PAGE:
Specimen of the Month
Samuel J. Ciurca, Jr., Rochester, New York by Eurypterids.net
ABOVE: (CIURCA 063208-1) Beautifully preserved pincers (rami) of the pterygotid, Acutiramus cummingsi. This
specimen is from the Williamsville 'A' Waterlime, Late Silurian Bertie Group, RQS in Fort Erie Township (Bertie),
Ontario, Canada (specimen has been donated to the Peabody Museum of Natural History at Yale University in New
Haven, Connecticut. The fixed ramus is about 4.8 cm long. While rarely encountered, this pterygotid is known
(mostly from molted parts) from similar rocks as far east as Jamesville, New York. Complete specimens are known,
but extremely rare. Pterygotids punctuate the Late Silurian strata at many intervals within New York State, from near
the base of the Salina Group to the Early Devonian Manlius Group (Helderbergian).
Pterygotids were undoubtedly the 'sharks' of the Siluro-Devonian seas. Their prey could likely have been the
smaller eurypterids, e.g. Eurypterus, which is preserved in countless numbers in the various units of the Bertie
Group. A wholesome predator/prey ratio exists if this were the case. A streamlined body, large anterior eyes and the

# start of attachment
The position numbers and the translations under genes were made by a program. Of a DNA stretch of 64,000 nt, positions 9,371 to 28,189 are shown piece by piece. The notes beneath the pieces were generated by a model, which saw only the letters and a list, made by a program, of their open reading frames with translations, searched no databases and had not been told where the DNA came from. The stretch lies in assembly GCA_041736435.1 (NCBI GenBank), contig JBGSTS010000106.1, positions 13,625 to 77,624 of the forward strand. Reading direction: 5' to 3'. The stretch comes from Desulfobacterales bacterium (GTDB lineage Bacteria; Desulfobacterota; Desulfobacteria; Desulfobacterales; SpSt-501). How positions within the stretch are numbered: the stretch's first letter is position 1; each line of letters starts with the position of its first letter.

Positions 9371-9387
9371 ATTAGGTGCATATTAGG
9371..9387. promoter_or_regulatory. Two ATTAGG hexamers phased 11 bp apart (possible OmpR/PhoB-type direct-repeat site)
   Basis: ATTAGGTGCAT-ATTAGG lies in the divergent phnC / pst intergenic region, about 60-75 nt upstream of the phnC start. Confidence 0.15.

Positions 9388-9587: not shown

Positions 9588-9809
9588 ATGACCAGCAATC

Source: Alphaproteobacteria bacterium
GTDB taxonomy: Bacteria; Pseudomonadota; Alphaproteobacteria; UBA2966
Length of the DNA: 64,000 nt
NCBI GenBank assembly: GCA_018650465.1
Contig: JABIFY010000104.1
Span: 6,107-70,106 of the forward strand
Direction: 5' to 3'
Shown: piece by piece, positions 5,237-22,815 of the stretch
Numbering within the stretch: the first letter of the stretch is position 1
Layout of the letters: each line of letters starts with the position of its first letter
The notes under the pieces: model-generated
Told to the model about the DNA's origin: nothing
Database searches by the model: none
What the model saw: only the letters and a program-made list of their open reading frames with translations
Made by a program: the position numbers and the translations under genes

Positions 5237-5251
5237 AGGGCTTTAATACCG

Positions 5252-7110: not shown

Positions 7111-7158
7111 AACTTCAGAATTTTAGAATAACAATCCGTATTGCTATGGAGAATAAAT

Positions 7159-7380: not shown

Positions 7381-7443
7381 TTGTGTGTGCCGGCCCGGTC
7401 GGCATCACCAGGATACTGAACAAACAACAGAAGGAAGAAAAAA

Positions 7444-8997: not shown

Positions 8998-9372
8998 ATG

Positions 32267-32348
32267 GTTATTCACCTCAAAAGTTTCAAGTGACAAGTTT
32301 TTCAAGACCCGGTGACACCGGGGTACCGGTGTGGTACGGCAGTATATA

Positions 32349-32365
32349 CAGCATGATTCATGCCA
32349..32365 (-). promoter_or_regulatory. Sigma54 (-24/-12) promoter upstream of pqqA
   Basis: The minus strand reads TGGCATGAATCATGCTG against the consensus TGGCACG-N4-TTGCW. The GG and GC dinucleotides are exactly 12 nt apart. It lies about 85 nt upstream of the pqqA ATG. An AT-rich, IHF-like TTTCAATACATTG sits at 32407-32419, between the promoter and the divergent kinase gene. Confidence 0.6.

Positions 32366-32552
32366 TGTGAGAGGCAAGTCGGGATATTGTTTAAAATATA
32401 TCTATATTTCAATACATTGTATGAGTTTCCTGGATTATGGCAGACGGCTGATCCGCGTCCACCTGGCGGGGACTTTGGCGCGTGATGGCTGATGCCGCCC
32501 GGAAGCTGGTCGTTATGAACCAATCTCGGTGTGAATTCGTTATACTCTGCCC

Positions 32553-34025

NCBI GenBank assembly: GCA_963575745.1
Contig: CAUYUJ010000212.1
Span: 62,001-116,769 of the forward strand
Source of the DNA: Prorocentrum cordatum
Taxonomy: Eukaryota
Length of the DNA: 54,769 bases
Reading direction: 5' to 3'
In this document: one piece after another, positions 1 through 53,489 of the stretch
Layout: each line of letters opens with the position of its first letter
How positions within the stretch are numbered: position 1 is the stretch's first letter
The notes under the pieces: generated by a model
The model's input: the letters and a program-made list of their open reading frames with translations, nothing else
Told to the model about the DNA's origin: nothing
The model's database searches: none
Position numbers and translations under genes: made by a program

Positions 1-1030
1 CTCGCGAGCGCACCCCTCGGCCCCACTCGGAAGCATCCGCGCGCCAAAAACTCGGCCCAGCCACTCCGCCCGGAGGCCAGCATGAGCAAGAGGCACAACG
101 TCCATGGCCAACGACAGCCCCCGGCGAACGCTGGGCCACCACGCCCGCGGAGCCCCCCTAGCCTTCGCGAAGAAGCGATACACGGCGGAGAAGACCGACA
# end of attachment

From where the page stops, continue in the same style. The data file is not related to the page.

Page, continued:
great claws makes for a monstrous, swift and agile predator. It is noteworthy that no remains of 'fish' have been
recorded within our eurypterid-bearing rocks, but the association does occur in other regions and, especially, in
ABOVE: Ukraine Eurypterids Several years ago, the fossil 'market' was flooded with eurypterids from the Ukraine.
In more recent years, many specimens became available on Ebay and, at more reasonable prices, I purchased
much material. Most of the specimens are labeled Baltoeurypterus tetragonophthalmus (a real mouthful) and as
can be seen in the example shown above are quite like the common Eurypterus species (Eurypterus remipes and
Eurypterus lacustris) found in the waterlimes of New York and Ontario, Canada.
What is evident from all the specimens I have seen to date is that they are most like the Bertie Group lithologies in
preservation, and hence my interest. The animals (most likely molts) are often collected together in windrows or
gyres initiated by Silurian storms. The likely setting is shallow, offshore lagoons as in the type areas of New York.
What I don't know at this time is whether the Ukraine eurypterid material is found in hypersaline deposits that are so
characteristic in the New York evaporite sequences (Salina and Bertie Groups).